POLITICS
13/11/2019 18:34 GMT | Updated 14/11/2019 09:30 GMT

Boris Johnson Refuses To Apologise To Flood Victims But Calls For More Trees To Improve Defences

The prime minister was heckled by flood victims while visiting South Yorkshire earlier in the day.

Boris Johnson has refused to apologise to flood victims angry about the speed of the government response - but called for the plantation of millions of trees to prevent future disasters.

The prime minister was heckled by flood-hit voters as he visited South Yorkshire earlier on Wednesday, with some suggesting he had been too slow to respond to the crisis.

But he declined the opportunity to apologise while answering questions following his first major speech of the campaign, instead highlighting the need for investment in flood defences, including the plantation of millions of trees.

The PM also:

  • Criticised Jeremy Corbyn’s insistence that Islamic State’s leader should have been arrested in a recent raid which left him dead as “naive to the point of being dangerous”

  • Repeated his message to voters thinking of backing Nigel Farage’s Brexit Party that “there is only one way to ensure that we get Brexit done”, by voting Tory

  • Dropped a pre-briefed passage from his speech in which he suggested Corbyn was a political masurbator

  • Pledged to double funding for research and development to £18bn.

Johnson said local and national authorities and emergency services have been “working flat out” since last Thursday to respond to floods in South Yorkshire, Derbyshire and Nottinghamshire and said the government “stands ready to support in any way we can”.

The PM also suggested he would invest more in flood defences, including in the long term “planting millions of trees”.

A study for the Environment Agency in 2016 suggested that planting trees around rivers could reduce the height of flooding in towns by 20% and the government in August launched a pilot project to plant hundreds to help improve protection for people in Leeds.

Answering questions after his speech, the PM said: “We need to be investing in flood defences, flood banks, protection of all kinds.

“It’s also why I mention the importance of planting millions of trees, it’s not an immediate solution clearly, but in the long-term we are going to need about the whole way in which we manage our landscape and we manage water in our landscape.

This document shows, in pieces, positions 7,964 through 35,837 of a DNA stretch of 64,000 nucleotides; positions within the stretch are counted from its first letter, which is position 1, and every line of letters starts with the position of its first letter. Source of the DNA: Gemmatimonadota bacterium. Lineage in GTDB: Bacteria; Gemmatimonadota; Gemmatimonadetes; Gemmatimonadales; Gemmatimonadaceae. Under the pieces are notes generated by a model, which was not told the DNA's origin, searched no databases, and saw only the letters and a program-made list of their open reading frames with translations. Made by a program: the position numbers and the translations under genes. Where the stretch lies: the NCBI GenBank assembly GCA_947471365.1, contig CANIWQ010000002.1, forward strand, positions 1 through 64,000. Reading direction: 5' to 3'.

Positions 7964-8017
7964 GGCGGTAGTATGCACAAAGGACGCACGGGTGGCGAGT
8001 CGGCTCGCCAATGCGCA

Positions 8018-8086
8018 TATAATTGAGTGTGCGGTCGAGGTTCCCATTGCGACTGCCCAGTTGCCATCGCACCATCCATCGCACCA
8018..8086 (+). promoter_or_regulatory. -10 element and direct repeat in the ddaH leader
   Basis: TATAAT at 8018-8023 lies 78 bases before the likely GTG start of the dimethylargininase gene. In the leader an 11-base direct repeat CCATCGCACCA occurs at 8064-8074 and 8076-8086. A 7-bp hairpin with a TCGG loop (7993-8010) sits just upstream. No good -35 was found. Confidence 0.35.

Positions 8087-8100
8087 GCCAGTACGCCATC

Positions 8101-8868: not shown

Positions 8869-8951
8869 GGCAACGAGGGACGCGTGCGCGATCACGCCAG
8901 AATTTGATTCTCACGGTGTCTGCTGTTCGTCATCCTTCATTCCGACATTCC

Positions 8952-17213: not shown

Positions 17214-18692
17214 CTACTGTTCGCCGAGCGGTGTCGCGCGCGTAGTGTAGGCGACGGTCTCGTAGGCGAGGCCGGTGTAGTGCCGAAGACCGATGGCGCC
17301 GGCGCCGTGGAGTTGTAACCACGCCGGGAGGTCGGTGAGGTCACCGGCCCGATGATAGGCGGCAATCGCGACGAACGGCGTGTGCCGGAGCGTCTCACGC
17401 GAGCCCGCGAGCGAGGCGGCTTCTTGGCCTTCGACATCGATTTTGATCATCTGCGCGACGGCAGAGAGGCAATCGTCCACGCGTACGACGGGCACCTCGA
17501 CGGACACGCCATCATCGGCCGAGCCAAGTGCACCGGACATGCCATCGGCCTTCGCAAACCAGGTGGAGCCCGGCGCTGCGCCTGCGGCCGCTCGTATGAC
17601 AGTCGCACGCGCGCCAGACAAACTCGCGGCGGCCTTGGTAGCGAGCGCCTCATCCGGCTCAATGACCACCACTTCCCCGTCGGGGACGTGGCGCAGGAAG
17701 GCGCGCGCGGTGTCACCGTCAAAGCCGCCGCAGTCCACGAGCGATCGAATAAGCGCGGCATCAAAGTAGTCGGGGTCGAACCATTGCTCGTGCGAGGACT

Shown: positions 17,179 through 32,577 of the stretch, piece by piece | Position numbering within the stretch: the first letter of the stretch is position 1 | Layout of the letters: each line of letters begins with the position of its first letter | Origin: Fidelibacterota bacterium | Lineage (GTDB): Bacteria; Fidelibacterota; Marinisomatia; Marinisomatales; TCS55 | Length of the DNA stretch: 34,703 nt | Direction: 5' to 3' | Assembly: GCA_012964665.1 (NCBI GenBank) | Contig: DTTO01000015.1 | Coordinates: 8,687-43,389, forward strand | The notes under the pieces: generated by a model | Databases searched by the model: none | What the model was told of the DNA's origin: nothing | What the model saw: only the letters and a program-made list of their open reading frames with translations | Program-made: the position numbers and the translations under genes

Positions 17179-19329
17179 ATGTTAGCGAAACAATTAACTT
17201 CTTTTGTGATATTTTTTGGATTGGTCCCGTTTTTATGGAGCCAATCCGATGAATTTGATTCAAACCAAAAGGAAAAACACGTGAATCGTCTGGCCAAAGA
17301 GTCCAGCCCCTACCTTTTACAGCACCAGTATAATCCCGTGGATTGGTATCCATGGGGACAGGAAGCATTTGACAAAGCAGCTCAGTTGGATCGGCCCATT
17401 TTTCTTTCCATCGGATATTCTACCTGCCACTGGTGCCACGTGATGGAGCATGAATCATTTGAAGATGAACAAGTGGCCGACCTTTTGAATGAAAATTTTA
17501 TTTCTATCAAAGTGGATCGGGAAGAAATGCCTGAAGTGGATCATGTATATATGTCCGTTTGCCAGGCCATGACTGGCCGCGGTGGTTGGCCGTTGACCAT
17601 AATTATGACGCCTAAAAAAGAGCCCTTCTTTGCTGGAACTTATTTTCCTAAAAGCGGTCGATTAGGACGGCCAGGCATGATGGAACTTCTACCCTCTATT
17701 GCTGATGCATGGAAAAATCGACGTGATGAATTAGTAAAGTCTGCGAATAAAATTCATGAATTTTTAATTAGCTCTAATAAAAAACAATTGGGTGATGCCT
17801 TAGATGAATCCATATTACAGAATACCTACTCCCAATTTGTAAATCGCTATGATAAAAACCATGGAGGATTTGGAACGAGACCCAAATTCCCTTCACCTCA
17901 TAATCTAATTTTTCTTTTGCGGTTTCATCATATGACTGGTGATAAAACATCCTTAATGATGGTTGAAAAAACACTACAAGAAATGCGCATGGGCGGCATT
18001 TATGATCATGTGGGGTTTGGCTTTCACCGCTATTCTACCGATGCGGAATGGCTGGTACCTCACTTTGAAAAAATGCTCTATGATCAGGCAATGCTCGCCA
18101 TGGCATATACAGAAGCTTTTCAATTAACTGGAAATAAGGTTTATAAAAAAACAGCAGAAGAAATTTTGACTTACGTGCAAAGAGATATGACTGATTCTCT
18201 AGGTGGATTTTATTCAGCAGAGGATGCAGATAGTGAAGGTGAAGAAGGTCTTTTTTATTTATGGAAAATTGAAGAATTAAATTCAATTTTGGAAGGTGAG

“You just have to look around, fly over the UK at the moment, and you can see the threat of flooding has by no means gone away.”

PA Wire/PA Images
Prime Minister Boris Johnson addresses workers during a visit to the London Electric Vehicle Company in Coventry

Johnson also criticised Corbyn while defending the US special forces raid which led to the death last month of Islamic State leader Abu Bakr al-Baghdadi, who blew himself up with a suicide vest after being cornered.

The Labour leader earlier on Wednesday suggested it would have been better if al-Baghdadi was arrested and put on trial if possible.

“Al-Baghdadi was an absolute diabolical foe of this country, of our liberal values, everything we believe in and support,” Johnson said.

“I think his (Corbyn’s) approach is naive and it is naive to the point of being dangerous.”

Johnson also stopped short of urging Farage to withdraw Brexit Party candidates from Labour-held Tory target seats, despite the threat that he could split the Leave vote and deny the Conservatives a majority.

He added: “I just want to say about Nigel Farage and the Brexit Party. It is always a very difficult thing for any party leader to withdraw candidates from an election and I understand that.

“But all I can say ... for the avoidance of doubt, to repeat my central message, there is only one way to ensure that we get Brexit done - get this thing finished, get us out, do a fantastic free-trade deal - and that is to vote for us and the Conservatives.”

Johnson blamed the dropping of a passage of his speech in which he suggested Corbyn’s plans for a second Brexit referendum amounted to “onanism”, or masturbation, by claiming it was written in “a stray early draft”, despite it being sent out to the entire UK media by Conservative central office as an official preview.